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Fixed Costs

Business expenses that remain the same regardless of how much a company produces or sells.

Business Glossary provided by


Fixed costs are those business expenses that are not dependent on the level of goods or services produced by the business. They tend to be time-related, such as salaries or rents being paid per month, and are often referred to as overhead costs. This is in contrast to variable costs, which are volume-related (and are paid per quantity produced). Fixed costs are an important part of a firm’s break-even analysis. If a company's variable costs are low as compared to its fixed costs, it needs to generate a higher amount of sales to break even. Understanding the scale of fixed costs is important for businesses as they plan their operational and production strategies.

Context of Use:

Fixed costs are business expenses that remain constant regardless of the level of production or sales activity. These costs are typically time-related, such as rent, salaries, and insurance premiums, and do not change with the increase or decrease in the number of goods or services produced or sold. Understanding and managing fixed costs is crucial for businesses, as they are key components in budgeting and financial planning.


The purpose of fixed costs is to ensure the stability of business operations by covering essential expenses that are not dependent on business performance. This predictability helps businesses plan financially and make strategic decisions. Fixed costs are important for calculating the break-even point of a business, which is the level of production at which total revenues equal total costs.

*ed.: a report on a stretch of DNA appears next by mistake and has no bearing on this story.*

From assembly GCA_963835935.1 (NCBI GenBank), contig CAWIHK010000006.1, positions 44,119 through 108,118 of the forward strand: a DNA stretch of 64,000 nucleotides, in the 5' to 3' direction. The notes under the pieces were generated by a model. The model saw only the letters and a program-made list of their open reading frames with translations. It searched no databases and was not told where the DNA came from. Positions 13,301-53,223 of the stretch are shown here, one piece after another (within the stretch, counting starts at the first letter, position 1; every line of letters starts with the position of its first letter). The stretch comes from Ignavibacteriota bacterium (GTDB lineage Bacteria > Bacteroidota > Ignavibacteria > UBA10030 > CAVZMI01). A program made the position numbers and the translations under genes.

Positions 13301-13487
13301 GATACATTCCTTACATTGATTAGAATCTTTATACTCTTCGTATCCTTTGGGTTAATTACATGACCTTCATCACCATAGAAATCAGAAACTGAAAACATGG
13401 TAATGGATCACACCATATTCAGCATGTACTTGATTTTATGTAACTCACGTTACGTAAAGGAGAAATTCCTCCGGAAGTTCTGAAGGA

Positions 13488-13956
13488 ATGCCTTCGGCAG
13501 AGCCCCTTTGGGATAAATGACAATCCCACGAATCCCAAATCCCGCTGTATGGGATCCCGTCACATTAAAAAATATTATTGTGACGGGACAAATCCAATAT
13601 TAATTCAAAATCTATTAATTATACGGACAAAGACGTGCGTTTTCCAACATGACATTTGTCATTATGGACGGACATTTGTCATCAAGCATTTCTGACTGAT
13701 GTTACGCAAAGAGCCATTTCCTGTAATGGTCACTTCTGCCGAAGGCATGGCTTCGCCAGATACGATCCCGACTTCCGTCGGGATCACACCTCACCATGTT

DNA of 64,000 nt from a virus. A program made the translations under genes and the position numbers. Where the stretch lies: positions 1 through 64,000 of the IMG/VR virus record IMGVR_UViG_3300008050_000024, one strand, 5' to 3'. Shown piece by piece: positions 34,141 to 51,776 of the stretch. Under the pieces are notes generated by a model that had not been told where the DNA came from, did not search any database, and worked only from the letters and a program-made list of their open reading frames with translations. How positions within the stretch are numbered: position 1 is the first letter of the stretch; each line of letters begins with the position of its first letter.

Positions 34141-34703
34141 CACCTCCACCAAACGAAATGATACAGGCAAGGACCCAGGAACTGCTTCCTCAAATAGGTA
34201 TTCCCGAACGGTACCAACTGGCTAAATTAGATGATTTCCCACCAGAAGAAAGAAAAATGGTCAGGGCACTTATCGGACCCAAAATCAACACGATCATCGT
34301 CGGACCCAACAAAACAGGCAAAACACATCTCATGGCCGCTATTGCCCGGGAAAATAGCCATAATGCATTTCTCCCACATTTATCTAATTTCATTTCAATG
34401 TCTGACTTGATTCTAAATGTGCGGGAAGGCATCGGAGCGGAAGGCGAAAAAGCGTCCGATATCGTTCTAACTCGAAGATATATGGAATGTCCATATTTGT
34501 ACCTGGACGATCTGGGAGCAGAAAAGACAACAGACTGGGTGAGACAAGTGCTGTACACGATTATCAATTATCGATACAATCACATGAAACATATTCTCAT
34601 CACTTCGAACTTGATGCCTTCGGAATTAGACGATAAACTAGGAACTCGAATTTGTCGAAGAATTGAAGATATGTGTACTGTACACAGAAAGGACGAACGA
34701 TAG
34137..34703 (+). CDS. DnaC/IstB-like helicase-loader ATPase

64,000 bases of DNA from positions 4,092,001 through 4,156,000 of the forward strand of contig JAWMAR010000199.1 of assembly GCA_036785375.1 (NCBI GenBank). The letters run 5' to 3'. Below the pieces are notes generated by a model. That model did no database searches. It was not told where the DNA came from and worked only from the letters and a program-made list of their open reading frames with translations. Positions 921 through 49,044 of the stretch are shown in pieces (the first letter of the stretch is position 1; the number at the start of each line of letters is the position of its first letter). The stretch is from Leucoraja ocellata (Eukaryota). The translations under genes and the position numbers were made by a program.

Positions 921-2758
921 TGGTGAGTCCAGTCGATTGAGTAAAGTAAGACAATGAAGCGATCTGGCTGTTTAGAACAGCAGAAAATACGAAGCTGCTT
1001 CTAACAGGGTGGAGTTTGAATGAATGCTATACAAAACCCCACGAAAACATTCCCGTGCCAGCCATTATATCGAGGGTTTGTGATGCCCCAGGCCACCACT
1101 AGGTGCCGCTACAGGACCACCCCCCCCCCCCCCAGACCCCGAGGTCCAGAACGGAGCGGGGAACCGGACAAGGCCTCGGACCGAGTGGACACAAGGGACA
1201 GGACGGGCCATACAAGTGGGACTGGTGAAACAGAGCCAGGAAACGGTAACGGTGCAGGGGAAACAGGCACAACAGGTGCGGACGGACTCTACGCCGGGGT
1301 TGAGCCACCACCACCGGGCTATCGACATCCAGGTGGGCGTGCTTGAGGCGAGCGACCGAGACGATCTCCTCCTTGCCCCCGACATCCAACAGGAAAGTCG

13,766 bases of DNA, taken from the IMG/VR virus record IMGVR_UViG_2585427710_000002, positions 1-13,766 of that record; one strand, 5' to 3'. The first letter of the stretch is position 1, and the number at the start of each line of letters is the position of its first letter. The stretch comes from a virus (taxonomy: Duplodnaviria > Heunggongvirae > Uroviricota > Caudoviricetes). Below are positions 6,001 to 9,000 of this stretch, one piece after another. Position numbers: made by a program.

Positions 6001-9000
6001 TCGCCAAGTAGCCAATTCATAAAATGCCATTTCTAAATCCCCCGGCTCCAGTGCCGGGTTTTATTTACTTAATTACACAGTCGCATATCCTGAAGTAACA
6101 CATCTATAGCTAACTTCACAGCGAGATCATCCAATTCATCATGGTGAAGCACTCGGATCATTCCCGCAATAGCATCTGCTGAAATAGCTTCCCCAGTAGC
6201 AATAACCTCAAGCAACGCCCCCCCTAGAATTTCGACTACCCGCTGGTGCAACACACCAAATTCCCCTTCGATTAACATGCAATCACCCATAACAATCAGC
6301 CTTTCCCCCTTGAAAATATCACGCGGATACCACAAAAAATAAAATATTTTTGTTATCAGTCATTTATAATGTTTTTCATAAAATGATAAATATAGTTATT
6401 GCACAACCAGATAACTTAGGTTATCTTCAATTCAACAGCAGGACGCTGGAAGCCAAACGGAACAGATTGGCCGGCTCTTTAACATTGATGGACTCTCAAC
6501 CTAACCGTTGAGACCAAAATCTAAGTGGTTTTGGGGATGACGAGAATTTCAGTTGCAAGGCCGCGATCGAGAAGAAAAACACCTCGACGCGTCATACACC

An example of fixed costs includes the monthly rent of $2,000 paid for a factory building. Whether the factory produces 100 units or 1,000 units, the rent expense remains the same. Similarly, the salary of a full-time employee who is paid $3,500 per month is a fixed cost, as the salary does not vary with the number of hours worked beyond the normal schedule.

Related Terms:

  • Variable Costs: Costs that vary directly with the level of production. These include materials, direct labor, and other costs that increase as production increases.

  • Semi-variable Costs: Costs that have both fixed and variable components. For example, electricity costs might have a minimum charge (fixed) plus a charge per unit of electricity used (variable).

  • Break-even Point: The production level at which total revenues equal total costs, including both fixed and variable costs.

  • Operating Leverage: A measure of how much a company can increase operating income by increasing revenue. A company with higher fixed costs relative to variable costs will have higher operating leverage.


  1. How do fixed costs impact profitability?

    Fixed costs can impact profitability as they must be covered by total revenue for a company to become profitable. High fixed costs require higher revenues to reach profitability, which can be risky in fluctuating markets.

  2. Can fixed costs change over time?

    While fixed costs are constant in the short term, they can change over time due to new contracts, inflation, or changes in company strategy, such as expansions or downsizing.

  3. What is the role of fixed costs in pricing strategies?

    Understanding fixed costs is essential in pricing strategies because it helps determine the minimum price at which a product can be sold profitably. Pricing must cover both fixed and variable costs to achieve long-term sustainability.

  4. How can businesses manage high fixed costs?

    Businesses can manage high fixed costs by improving operational efficiency, increasing product prices, reducing other types of expenses, or by increasing sales volume to spread the fixed costs over more units.

  5. What happens to fixed costs per unit as production increases?

    As production increases, the fixed cost per unit decreases because the total fixed costs are spread over a larger number of units. This is known as achieving economies of scale.

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